MMWR News Synopsis for January 9, 2014Centers for Disease Control and Prevention (CDC) sent this bulletin at 01/09/2014 02:38 PM EST
MMWR – Morbidity and Mortality Weekly Report
MMWR News Synopsis for January 9, 2014
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1. Lung Cancer Incidence Trends Among Men and Women — United States, 2005–2009
The rate of new lung cancer cases decreased among men and women in the United States from 2005 to 2009. Continued attention to local, state, and national population-based tobacco prevention and control strategies are needed to achieve further reductions in tobacco use among both men and women of all ages to reduce lung cancer in the United States. Lung cancer incidence rates went down 2.6 percent per year among men, from 87 to 78 cases per 100,000 men and 1.1 percent per year among women, from 57 to 54 cases per 100,000 women. The fastest drop was among adults aged 35-44 years, decreasing 6.5 percent per year among men and 5.8 percent per year among women. Lung cancer incidence rates decreased more rapidly among men than among women in all age groups. Among adults aged 35-44 years, men had slightly lower rates of lung cancer incidence than women.
2. Recreational Water–Associated Disease Outbreaks — United States, 2009–2010
Public health officials from 28 states and Puerto Rico reported 81 disease outbreaks linked to recreational water (for example, pools and lakes) for 2009–2010.Swimming is a great form of physical activity year-round, but germs can spread in the water if we don’t each do our part to promote healthy swimming. Swimmers can help keep germs out of the water by taking a pre-swim shower and not swimming when ill with diarrhea. Aquatics staff can kill germs in the water by maintaining disinfectant levels and pH according to public health standards that are enforced by pool inspectors. Healthy swimming is important all year—even in the winter. Hot tubs/spas were linked to 18 (22 percent) outbreaks, of which seven (39 percent) occurred in February or March.
3. Freshwater Algal Bloom–Associated Disease Outbreaks Among Users of Untreated Recreational Waters — United States, 2009 –2010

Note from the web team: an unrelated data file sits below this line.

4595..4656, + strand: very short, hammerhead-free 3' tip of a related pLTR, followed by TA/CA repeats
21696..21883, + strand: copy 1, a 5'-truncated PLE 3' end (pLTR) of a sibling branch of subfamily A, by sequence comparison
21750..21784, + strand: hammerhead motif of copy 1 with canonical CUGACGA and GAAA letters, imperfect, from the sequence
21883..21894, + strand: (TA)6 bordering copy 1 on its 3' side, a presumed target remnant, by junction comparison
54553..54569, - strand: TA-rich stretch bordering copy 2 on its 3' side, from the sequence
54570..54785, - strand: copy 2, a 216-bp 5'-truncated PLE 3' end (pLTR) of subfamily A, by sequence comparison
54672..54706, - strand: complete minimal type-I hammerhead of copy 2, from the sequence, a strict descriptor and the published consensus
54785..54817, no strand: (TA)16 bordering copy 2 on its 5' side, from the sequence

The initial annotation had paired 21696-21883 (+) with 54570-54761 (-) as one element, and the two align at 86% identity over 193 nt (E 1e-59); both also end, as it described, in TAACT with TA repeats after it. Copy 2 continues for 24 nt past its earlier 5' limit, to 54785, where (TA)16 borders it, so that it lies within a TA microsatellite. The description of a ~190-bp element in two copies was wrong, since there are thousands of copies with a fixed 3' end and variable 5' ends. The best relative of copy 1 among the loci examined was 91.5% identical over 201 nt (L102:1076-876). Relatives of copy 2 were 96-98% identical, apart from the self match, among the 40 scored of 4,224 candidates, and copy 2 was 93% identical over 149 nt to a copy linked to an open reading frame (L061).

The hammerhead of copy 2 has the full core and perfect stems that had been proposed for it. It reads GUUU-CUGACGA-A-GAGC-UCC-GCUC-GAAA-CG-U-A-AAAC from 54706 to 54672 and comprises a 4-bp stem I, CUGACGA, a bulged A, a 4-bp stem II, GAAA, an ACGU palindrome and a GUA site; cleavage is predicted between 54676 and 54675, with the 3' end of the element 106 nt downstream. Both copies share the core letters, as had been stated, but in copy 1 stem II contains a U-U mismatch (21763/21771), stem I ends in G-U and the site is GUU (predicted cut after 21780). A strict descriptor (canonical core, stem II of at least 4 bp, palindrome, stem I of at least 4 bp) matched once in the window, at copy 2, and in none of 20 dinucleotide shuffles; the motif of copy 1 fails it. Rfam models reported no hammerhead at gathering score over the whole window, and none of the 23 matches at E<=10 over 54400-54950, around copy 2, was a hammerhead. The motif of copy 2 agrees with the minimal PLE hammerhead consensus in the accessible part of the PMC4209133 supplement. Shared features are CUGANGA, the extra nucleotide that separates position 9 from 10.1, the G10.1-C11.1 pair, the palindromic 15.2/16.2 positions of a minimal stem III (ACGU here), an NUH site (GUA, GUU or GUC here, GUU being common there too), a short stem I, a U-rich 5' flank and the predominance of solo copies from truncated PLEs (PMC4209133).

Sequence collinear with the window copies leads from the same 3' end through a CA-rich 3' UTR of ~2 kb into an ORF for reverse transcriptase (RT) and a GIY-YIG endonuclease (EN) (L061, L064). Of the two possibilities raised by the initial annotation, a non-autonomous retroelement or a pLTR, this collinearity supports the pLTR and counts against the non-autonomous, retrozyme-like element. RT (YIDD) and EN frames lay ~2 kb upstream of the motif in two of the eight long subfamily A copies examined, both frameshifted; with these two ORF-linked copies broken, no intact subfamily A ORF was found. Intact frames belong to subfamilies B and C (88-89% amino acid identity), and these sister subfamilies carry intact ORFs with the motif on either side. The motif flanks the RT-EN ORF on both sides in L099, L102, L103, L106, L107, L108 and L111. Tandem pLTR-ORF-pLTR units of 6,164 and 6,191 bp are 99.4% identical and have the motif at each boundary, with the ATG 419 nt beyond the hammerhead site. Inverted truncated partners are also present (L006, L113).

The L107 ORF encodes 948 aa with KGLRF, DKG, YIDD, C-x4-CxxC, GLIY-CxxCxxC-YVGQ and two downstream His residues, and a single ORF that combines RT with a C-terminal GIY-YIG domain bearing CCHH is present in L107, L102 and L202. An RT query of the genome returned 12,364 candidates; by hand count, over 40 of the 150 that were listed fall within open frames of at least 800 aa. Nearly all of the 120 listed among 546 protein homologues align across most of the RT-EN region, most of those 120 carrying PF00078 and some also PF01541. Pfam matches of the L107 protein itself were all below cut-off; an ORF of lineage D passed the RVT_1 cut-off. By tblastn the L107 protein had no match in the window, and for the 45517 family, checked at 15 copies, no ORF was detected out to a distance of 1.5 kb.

Harmful algal blooms commonly occur in freshwater bodies. They can create bad odors, they can discolor the water or accumulate as a scum on the surface of the water. People should avoid, and animals should be kept from, and neither should drink directly from lakes and ponds that have a scum on the water. People should also observe any local water advisories. Eleven waterborne disease outbreaks reported to CDC in 2009–2010 were linked to harmful algal blooms (HABs) in freshwater lakes during summer months. The outbreaks most often affected people less than 20 years old. HABs tend to occur in warm bodies of water that are rich in nutrients and often produce a visible algal scum on the water. HABs might generate toxins that can make humans sick and cause death among fish, birds and dogs. Ill people report a range of health effects, including neurologic symptoms (for example, confusion), diarrhea, cough, rash, and earache. Health-care providers should consider HAB—toxin exposure as a possible cause of illness in people who have been in or alongside freshwater bodies with algal blooms. Future increases in water temperature and nutrient pollution are expected to result in an increase in the number of HABs in freshwater lakes.